The German Federal Ministry for Economic Affairs and Energy is providing EUR 12 million as part of the Maritime Research Program for the development of a novel autonomous submersible robotics system that will enable autonomous monitoring of underwater installations in the deep sea with a significantly reduced carbon footprint.
Norbert Brackmann, a member of the German Bundestag and the German government’s coordinator for the maritime industry, presented the funding decision to the nine participants in the CIAM (Cooperative Development of a Comprehensive Integrated Autonomous Underwater Monitoring Solution) project during an online event on April 30.
Brackmann commented: “I am pleased to be able to give the go-ahead today for a new marine technology project that is not only an example of the maritime industry’s high innovative strength but is also characterised by good cooperation between small and large companies, renowned universities and research institutions. As a future growth industry, the maritime sector is actively shaping the maritime energy transition and investing in research and development. The future CIAM vehicles, which are expected to achieve particularly long mission durations, be deep-sea capable and yet relatively light, will be a step forward for German marine technology. With such innovative technologies for pipeline and submarine cable inspection, we are also strengthening our position in the global market.”
As part of the project, unmanned submersible robotic systems with unprecedented autonomy will be developed and built without the need for costly support vessels. These will monitor underwater assets and infrastructure such as oil and gas pipelines, hydrogen lines, renewable energy power cables, and telecommunications cables, and help prevent damage to these assets.
Governments and businesses worldwide see the oceans as a driver of future economic development with great potential for innovation and economic growth. In this regard, autonomous underwater vehicles (AUVs) are an important component of expected future market developments for a variety of underwater applications.
The CIAM project aims to solve a key problem of unmanned submersible vehicles: namely, that AUVs have so far required large, costly support vessels, in addition to high risks associated with flooding the AUVs and retrieving them from the sea again. To date, in addition to the availability of skilled personnel, the availability of suitable vessels and AUVs has been a challenge, especially in urgent operational and emergency situations. Maritime applications typically require a global presence. Therefore, flexible systems that can be deployed quickly and, in any weather and sea state are needed, possibly with air cargo capability.
The CIAM approach aims to solve these challenges in a new class of unmanned submersible robotic systems controlled by artificial intelligence. These should be able to achieve particularly long mission durations and ranges, enable fully autonomous coast-to-coast operations, be capable of deep-sea operations and still be relatively light.
Hermann Rosen, President of the ROSEN Group, says, “The permanently high investments we have made so far in in-line inspection of onshore and offshore pipelines, broad manufacturing capability, system competence and, for some years now, also in our own AUV development, demonstrate our commitment and ambition to become a national champion and world market leader for autonomous underwater applications in this business field as well. In this context, we are very pleased to receive government support, which together with our partners should help us to achieve comparable international competitive conditions.”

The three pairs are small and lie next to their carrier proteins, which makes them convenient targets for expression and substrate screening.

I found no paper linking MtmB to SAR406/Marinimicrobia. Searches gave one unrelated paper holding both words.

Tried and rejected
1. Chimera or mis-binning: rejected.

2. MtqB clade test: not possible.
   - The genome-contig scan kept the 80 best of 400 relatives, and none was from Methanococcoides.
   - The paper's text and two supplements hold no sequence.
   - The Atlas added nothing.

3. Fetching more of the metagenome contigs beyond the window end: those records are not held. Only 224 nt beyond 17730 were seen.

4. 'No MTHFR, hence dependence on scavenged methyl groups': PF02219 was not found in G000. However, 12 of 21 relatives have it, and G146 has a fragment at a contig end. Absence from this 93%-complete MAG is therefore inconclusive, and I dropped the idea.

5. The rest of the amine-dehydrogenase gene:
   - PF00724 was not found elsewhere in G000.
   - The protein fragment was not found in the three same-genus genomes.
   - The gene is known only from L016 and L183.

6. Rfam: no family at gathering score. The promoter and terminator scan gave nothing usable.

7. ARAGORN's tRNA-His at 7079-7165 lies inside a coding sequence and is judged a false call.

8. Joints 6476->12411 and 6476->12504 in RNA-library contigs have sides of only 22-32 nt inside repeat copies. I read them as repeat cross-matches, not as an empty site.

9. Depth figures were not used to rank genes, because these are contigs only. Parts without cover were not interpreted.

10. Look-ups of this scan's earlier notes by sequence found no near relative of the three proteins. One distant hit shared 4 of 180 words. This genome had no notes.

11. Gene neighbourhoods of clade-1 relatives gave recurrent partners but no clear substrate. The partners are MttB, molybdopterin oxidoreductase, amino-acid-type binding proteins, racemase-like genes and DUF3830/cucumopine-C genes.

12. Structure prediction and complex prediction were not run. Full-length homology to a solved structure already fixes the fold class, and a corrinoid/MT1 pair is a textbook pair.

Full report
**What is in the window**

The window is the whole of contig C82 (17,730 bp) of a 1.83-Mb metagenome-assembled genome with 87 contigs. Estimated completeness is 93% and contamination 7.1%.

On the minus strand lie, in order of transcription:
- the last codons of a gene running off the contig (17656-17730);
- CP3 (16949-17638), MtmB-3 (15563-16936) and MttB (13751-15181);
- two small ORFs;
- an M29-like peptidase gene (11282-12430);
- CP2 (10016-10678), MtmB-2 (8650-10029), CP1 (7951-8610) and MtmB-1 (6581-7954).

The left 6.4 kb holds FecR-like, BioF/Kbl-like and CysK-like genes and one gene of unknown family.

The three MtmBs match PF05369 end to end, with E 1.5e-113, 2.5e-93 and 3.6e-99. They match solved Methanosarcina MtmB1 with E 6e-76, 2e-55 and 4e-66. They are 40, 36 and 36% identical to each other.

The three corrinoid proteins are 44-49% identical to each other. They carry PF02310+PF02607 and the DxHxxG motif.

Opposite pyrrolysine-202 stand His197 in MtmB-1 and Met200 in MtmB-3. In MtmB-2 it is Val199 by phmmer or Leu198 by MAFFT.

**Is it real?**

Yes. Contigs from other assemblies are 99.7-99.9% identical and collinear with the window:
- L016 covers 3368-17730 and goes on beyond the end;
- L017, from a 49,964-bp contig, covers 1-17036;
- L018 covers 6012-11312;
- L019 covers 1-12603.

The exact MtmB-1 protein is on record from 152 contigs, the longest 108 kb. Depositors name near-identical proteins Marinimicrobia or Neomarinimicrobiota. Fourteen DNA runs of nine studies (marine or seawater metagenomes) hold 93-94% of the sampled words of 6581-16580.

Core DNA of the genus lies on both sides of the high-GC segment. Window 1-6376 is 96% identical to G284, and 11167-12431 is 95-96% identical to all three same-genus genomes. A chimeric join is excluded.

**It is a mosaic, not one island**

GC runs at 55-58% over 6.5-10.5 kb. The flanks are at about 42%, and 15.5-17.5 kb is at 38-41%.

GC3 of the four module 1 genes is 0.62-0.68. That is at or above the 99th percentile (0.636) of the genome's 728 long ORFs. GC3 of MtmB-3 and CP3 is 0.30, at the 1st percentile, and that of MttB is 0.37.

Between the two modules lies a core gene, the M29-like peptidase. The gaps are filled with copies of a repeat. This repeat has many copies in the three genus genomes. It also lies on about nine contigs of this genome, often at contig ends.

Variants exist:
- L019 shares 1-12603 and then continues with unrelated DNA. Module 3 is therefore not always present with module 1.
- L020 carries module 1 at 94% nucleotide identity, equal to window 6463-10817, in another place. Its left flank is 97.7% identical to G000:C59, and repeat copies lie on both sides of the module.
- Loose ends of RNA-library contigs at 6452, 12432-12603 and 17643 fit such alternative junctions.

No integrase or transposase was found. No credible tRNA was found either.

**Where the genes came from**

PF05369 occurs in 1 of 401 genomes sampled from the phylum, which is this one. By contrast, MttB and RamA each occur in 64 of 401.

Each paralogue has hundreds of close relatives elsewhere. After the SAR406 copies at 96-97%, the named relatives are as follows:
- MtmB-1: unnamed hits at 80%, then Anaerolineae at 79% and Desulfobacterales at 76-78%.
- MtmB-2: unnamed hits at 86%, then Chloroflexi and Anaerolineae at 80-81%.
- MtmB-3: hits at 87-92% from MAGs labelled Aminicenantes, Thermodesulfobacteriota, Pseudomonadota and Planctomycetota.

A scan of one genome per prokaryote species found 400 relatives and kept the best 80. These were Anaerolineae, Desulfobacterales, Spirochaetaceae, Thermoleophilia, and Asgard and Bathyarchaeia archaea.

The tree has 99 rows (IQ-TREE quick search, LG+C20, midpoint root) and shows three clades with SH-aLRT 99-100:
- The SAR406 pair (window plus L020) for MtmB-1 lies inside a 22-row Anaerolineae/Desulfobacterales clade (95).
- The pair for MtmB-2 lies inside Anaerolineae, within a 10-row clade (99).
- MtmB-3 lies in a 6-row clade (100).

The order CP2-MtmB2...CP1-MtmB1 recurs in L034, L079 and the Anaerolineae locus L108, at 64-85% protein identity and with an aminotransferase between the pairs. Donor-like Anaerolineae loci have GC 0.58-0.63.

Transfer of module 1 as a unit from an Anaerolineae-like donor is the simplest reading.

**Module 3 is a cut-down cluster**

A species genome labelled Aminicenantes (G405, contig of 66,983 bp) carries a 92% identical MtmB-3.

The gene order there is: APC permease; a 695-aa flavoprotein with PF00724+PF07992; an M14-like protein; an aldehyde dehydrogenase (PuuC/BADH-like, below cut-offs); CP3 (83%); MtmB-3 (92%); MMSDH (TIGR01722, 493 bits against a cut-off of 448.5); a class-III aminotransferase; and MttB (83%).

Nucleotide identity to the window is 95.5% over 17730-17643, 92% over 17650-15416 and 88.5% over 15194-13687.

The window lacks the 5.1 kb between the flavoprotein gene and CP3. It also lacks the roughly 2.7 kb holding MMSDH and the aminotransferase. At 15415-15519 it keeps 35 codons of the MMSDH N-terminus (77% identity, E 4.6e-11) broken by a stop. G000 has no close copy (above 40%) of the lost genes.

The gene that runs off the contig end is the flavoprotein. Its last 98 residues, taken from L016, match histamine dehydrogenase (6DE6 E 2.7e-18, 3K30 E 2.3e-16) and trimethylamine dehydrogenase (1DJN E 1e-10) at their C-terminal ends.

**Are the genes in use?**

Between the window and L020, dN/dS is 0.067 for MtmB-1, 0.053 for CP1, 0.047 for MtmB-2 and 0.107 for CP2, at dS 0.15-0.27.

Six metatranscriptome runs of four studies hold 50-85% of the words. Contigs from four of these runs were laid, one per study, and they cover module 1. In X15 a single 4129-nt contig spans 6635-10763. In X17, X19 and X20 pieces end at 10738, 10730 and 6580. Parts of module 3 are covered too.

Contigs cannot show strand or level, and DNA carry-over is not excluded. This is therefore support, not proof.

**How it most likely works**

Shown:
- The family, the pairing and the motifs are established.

In addition to ROSEN, the consortium includes three other renowned universities, two research organisations and three technical experts from Rostock, Schwerin and Karlsruhe as project partners. Dr Gunnar Brink, Head of Global Market Strategy for Subsea Asset Integrity at the ROSEN Group, coordinates the project consortium and is proud to be part of the team: “Especially in the last weeks and months of project preparation, it was a pleasure for me to see how much the partners in this project have grown together. We know each other. The partners have been carefully selected. Each project partner has the will to contribute to the success of the project with their individual contribution, in order to ultimately establish themselves at the top of the global competition in this business field.”
The Maritime Research Program is part of the maritime research strategy, which provides incentives for research and development to support the German maritime industry in tapping growth potential and strengthening its international competitiveness. In addition, the program serves to support the industry in developing sustainable technologies, in securing and expanding competitiveness, and in identifying climate and environmentally compatible solutions. The special interest lies in the creation and safeguarding of high-quality maritime jobs as well as in the improvement of maritime value creation in Germany.
The ROSEN Group is a global service provider for in-line inspections of pipelines. It initiated the CIAM project and will manage it responsibly. ROSEN defines itself as “empowered by technology”, as a company that provides sophisticated services worldwide with application of the latest technologies in harsh environments to protect people and the environment.
This project will advance the inspection of subsea assets, push the boundaries of deep learning applications and certainly reduce the carbon footprint.